London’s tourism — here’s everything you need to know

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    London has become one of the top tourist destinations in the world. With so many exciting historical attractions driving people to visit, many cultural, architectural and natural landmarks as well as the buzz of a big city, it is definitely a must-visit. In 2019, figures show that more than 21 million people visited England’s capital city with a total visitor spend of £2,104 million and 1.3 million overnight stays. Tourism is incredibly important for the city when it comes to its economy, and has a huge impact on the number of jobs available to people especially when it comes to the hospitality industries.

    So what are the tourist hotspots? And what places are a must see when it comes to planning a holiday in London? Here’s all you need to know.

    Big Ben and Westminster Bridge

    It’s one of the most famous views in the world and a photo to remember. Big Ben is the nickname for the Great Bell of the striking clock. One of the most prominent symbols of the United Kingdom, Big Ben is located at the north end of the Palace of Westminster and close to the Westminster Bridge.

    Formerly known as the Clock Tower, it was renamed the Elizabeth Tower in 2012. 41 Prime Ministers and six monarchs have come and gone since the bells first struck their music. It’s definitely a sight to be seen and its central location makes it a perfect kick off point for the rest of London has to offer. And an excellent photo for the Instagram grid!

    The Casinos

    Casinos has taken on a life of its own in the UK, the growth of casino online games has inspired the land-based casino to up their game and ‘wow’ their guests.

    For casino lovers and general tourists alike, London’s casinos are a fantastic entertainment option. The biggest of these is the Hippodrome Casino, which houses three gaming floors, 24-hour food and drink and more.

    The West End 

    London’s West End is one of the famous areas where tourists visit and spend their hard earned coin. And it’s quite clear why. Loosely related with the West End are the neighbourhoods of Mayfair, St James’s, Knightsbridge, Trafalgar Square, Covent Garden, Piccadilly and SoHo. Known by some as the theatre district, it’s one of the best places to catch a play at the theatres marked by star-studded marquees.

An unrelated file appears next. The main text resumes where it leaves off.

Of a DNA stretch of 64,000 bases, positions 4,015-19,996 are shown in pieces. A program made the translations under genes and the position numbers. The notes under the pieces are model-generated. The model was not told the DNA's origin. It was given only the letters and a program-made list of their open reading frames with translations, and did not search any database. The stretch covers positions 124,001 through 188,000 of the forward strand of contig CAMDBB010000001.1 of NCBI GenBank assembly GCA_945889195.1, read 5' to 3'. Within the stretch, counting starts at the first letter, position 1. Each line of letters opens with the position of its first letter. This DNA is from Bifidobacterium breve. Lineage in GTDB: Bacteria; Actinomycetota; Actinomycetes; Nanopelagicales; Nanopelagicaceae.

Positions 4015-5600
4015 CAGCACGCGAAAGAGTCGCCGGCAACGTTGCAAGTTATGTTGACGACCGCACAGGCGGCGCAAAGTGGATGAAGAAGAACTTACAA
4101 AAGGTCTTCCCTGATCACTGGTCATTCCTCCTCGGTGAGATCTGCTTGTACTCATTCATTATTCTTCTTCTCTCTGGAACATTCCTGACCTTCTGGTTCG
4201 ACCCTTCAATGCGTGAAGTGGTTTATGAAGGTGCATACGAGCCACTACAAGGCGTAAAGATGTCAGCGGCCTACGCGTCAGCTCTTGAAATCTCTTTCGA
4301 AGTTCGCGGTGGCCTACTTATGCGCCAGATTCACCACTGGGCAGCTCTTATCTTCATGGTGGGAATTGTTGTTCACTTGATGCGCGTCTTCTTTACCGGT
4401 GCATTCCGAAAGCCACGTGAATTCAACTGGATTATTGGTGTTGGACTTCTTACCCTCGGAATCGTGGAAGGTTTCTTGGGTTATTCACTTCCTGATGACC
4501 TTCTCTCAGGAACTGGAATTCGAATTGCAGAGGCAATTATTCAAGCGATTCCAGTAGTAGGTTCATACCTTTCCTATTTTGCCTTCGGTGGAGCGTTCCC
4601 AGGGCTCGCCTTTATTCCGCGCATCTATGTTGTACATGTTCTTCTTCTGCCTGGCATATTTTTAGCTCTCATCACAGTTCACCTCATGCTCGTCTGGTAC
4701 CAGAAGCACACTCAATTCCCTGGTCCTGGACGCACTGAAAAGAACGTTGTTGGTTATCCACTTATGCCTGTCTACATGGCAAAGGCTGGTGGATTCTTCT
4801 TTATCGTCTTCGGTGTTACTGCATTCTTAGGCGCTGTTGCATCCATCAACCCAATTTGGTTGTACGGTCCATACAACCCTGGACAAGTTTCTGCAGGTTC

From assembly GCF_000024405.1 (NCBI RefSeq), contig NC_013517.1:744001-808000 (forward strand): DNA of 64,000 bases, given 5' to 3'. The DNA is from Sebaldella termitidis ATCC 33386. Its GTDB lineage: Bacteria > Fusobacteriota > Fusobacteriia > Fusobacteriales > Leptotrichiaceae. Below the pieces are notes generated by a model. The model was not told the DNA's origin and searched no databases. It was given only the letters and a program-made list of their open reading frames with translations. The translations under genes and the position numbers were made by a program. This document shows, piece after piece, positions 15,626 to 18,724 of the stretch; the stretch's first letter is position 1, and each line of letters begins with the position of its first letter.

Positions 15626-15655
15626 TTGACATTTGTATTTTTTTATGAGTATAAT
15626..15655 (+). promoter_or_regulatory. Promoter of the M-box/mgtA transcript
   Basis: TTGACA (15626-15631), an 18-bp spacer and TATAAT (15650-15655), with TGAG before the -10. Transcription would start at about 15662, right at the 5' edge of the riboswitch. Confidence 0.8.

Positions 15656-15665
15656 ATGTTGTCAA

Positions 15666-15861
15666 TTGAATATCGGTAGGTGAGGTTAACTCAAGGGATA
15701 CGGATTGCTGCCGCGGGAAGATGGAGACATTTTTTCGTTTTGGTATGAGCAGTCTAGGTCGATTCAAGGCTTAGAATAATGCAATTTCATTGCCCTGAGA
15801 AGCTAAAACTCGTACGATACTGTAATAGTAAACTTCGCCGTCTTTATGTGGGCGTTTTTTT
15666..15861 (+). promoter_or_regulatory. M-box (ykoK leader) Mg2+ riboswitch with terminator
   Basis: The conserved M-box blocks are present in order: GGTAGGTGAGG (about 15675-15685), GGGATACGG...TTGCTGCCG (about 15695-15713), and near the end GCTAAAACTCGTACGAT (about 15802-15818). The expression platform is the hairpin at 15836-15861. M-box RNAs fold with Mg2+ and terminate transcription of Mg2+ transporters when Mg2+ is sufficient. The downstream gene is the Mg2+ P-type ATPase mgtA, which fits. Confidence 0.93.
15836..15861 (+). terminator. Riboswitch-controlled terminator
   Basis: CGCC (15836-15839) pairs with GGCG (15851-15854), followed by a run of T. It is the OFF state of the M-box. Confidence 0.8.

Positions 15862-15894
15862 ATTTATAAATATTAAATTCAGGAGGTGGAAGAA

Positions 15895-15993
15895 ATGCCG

The area is also the home to London’s Chinatown, which runs south of Shaftesbury Avenue with an incredible amount of Chinese food available from spicy hot Szechuan and Hunan as well as Catonese and Hong Kong. It’s also a fantastic area for Chinese New Year’s celebrations.

    London’s West End is also the home to many incredible shopping areas including Oxford Street, Regent Street, Carnaby Street, Piccadilly, Bond Street and more.

    London Eye

    The London Eye is definitely a tourist hotspot as it’s one of the best places to get a bird’s eye view of the city. Formerly known as the Millennium Wheel, this revolving observation wheel is based in the borough of Lambeth. Once the world’s tallest ferris wheels, it’s a great place to spot some of the capital’s most famous landmarks — especially if you’re in the city for a limited amount of time.

    Make sure to bring a camera along to get shots of all the incredible sights.

    The Shard

    Opened back in 2012, The Shard is one of the most recognisable scenes in London. Encompassing 95 stories and standing at 1,016 feet tall, it’s also home to the Shangri-La Hotel and three incredible restaurants where tourists can enjoy fabulous food and drink options that are on offer. There’s also some viewing platforms on the uppermost levels including indoor and outdoor.

    The Shard is definitely at the heart of luxury when it comes to tourist destinations.

    The Natural History Museum 

    One of the most beautiful buildings in the world, the Natural History Museum is home to life and earth science specimens including 80 million items across mineralogy, palaeontology, zoology, entomology and botany. Officially known as the British Museum until 1992, it’s free to enter but you may incur some charges for special exhibitions in the museum.

    St Paul’s Cathedral

    If you’re looking to visit an Anglican cathedral when visiting central London, St Paul’s is the place to be. Built between 1675 and 1710 after its predecessor was destroyed during the Great Fire of London it sits at 365 high, with a dome that remains the highest in the world. A traditional staple architecturally part of London’s skyline, it’s definitely a sight to be seen.

    Oxo Tower London

    The Oxo Tower is a sight in itself; but for unparalleled views of St Paul’s and the rest of the city, a visit to the OXO Tower Restaurant Bar and Brasserie is a good place for tourists to spend their pennies while enjoying afternoon tea, cocktails and enjoying seasonal British food. Featuring a garden terrace and floor to ceiling windows to get the views in, the OXO is just an eight minute walk from Waterloo and Southward stations and a ten minute walk from Blackfriars station. It’s also a great place to be to access other tourist hotspots, not far from the National Theatre, the London Eye, Trafalgar Square and Big Ben.